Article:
This economic pattern contributes handsomely to the profits of certain sectors of the Western economies, but it neither strengthens Iran’s productive capacity nor relieves its pressing social ills. Even the massive industrialization envisioned by the regime depends heavily on foreign technology, investments and skilled labor. Furthermore, these projects are affected by international price structures and markets for their successful operation and thus inflict the burdens of foreign inflation rates, market fluctuations and monetary crises upon the Iranian economy. By the time the Shah’s costly nuclear energy program, highly sophisticated communications network and labyrinthine, corrupt bureaucracy have been funded, there is little left to alleviate the social ills that are now pushing his unwilling subjects to revolt.
Today’s readers might be taken aback by the reference to the shah’s nuclear program, supported by the United States and its European allies, which reportedly included a clandestine weapons component. Ayatollah Khomeini discontinued the program after 1979, believing it contravened Islamic law and morality, though a few years later he reversed course.
By January, the opposition movement had forced the shah to flee with his family. Momentarily, at least, it looked as if the motley collaboration between Iranian liberals and Islamists could help a modern Iran move beyond its authoritarian inheritance. Nation editorial board member Richard Falk, in “Iran’s Home-grown Revolution” (February 10, 1979), wrote:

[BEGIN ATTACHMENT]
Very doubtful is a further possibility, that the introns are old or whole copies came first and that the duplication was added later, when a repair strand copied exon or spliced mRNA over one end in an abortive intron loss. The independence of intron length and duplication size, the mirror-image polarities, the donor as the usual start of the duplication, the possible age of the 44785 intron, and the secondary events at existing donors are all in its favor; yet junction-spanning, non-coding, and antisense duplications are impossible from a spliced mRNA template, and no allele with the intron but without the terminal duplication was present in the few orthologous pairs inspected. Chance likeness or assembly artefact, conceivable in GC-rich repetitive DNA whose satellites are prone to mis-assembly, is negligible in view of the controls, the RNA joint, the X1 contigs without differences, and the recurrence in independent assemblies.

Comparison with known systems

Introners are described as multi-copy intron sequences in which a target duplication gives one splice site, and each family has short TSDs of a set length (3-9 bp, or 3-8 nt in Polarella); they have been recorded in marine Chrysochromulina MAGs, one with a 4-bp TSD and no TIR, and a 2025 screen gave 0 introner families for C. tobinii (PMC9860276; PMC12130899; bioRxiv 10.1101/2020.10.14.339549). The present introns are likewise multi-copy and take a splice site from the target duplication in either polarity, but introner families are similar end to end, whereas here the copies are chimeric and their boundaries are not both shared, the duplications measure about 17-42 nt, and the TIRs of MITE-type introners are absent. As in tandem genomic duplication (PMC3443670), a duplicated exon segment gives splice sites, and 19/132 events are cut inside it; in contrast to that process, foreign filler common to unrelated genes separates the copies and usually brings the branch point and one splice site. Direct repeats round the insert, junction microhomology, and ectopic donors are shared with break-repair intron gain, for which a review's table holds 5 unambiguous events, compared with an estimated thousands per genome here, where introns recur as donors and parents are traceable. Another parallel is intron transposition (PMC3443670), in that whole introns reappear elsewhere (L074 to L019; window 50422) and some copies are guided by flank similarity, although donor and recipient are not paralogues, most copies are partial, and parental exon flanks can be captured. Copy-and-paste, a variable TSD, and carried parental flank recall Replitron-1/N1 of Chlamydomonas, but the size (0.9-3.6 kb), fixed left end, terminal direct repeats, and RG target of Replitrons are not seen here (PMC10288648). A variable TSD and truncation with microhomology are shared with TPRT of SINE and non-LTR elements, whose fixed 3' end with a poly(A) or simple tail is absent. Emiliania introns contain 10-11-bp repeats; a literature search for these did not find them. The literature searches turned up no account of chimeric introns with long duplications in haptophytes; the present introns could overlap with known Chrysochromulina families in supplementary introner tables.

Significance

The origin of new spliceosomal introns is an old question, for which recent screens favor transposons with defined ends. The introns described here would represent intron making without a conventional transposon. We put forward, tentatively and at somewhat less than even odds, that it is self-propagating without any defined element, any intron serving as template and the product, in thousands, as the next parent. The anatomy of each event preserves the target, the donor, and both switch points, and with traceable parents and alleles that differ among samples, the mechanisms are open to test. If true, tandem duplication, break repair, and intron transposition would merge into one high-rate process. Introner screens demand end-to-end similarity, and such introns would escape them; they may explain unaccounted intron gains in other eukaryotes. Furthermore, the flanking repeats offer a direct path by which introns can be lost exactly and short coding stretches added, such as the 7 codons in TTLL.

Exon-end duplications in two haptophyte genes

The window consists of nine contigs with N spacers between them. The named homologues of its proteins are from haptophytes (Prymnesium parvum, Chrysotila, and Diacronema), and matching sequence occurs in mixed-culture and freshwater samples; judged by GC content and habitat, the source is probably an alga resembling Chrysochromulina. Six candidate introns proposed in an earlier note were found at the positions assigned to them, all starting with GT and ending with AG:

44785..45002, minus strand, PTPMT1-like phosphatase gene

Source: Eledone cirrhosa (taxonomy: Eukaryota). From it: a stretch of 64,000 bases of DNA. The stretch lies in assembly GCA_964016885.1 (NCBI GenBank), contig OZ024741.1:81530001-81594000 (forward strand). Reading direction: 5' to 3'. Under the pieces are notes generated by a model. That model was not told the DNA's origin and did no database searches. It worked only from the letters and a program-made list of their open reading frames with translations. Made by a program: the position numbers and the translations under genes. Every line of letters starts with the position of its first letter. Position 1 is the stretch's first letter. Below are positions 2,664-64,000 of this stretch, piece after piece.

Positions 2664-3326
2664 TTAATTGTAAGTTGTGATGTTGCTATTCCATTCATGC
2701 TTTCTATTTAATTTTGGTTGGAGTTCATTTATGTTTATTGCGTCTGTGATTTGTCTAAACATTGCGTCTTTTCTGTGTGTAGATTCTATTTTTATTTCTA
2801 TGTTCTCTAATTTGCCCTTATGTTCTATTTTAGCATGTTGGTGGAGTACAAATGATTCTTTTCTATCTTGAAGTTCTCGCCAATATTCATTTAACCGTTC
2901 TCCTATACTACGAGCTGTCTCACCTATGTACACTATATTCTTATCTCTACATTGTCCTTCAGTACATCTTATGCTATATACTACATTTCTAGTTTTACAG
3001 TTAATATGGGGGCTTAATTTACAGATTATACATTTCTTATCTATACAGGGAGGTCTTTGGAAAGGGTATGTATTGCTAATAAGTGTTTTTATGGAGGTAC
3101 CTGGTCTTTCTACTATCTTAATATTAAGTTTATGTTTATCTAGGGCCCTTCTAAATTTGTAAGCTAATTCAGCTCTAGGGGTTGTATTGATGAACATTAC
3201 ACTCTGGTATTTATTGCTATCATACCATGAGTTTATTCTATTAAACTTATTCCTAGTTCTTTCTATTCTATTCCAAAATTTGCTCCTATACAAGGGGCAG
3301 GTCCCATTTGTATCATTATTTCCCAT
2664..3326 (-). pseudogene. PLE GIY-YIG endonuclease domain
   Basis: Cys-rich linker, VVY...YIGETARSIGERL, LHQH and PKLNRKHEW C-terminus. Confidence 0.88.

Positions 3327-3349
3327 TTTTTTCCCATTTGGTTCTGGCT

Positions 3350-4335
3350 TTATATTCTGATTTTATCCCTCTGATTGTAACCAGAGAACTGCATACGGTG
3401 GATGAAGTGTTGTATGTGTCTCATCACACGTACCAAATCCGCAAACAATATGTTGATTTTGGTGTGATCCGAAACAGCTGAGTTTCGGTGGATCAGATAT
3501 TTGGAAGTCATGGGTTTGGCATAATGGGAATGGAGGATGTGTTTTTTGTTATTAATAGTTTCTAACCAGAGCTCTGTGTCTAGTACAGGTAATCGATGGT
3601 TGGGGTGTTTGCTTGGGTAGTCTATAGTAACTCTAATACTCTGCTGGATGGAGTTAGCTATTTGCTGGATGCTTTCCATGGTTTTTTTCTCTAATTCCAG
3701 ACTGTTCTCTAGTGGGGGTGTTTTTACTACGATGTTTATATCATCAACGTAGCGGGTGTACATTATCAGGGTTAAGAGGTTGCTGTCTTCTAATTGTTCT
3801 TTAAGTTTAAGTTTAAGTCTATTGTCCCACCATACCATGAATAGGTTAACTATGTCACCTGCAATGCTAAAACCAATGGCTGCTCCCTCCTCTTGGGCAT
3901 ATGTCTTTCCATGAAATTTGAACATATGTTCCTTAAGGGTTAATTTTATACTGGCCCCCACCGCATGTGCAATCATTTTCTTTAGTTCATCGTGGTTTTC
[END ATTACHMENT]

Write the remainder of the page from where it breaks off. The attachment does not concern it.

Not only is the political, economic and cultural destiny of an important country at stake, not only is a fundamental challenge to American foreign policy involved, but a completely new revolutionary process is unfolding in Iran that is independent of the legacy of all previous revolutions. Its success or defeat will inevitably exert an awesome impact on the overall prospects of some 700 million Moslems elsewhere, and, quite possibly, on non-Moslem peoples throughout the third world…
For religion to assume a revolutionary posture is to challenge Western pre-conceptions that a religious outlook is irrelevant, or even hostile, to social change. The religious core of the Khomeini movement is a call for social justice, fairness in the distribution of wealth, a productive economy organized around national needs and a simplicity of life style and absence of corruption that minimizes differences between rich and poor, rulers and ruled.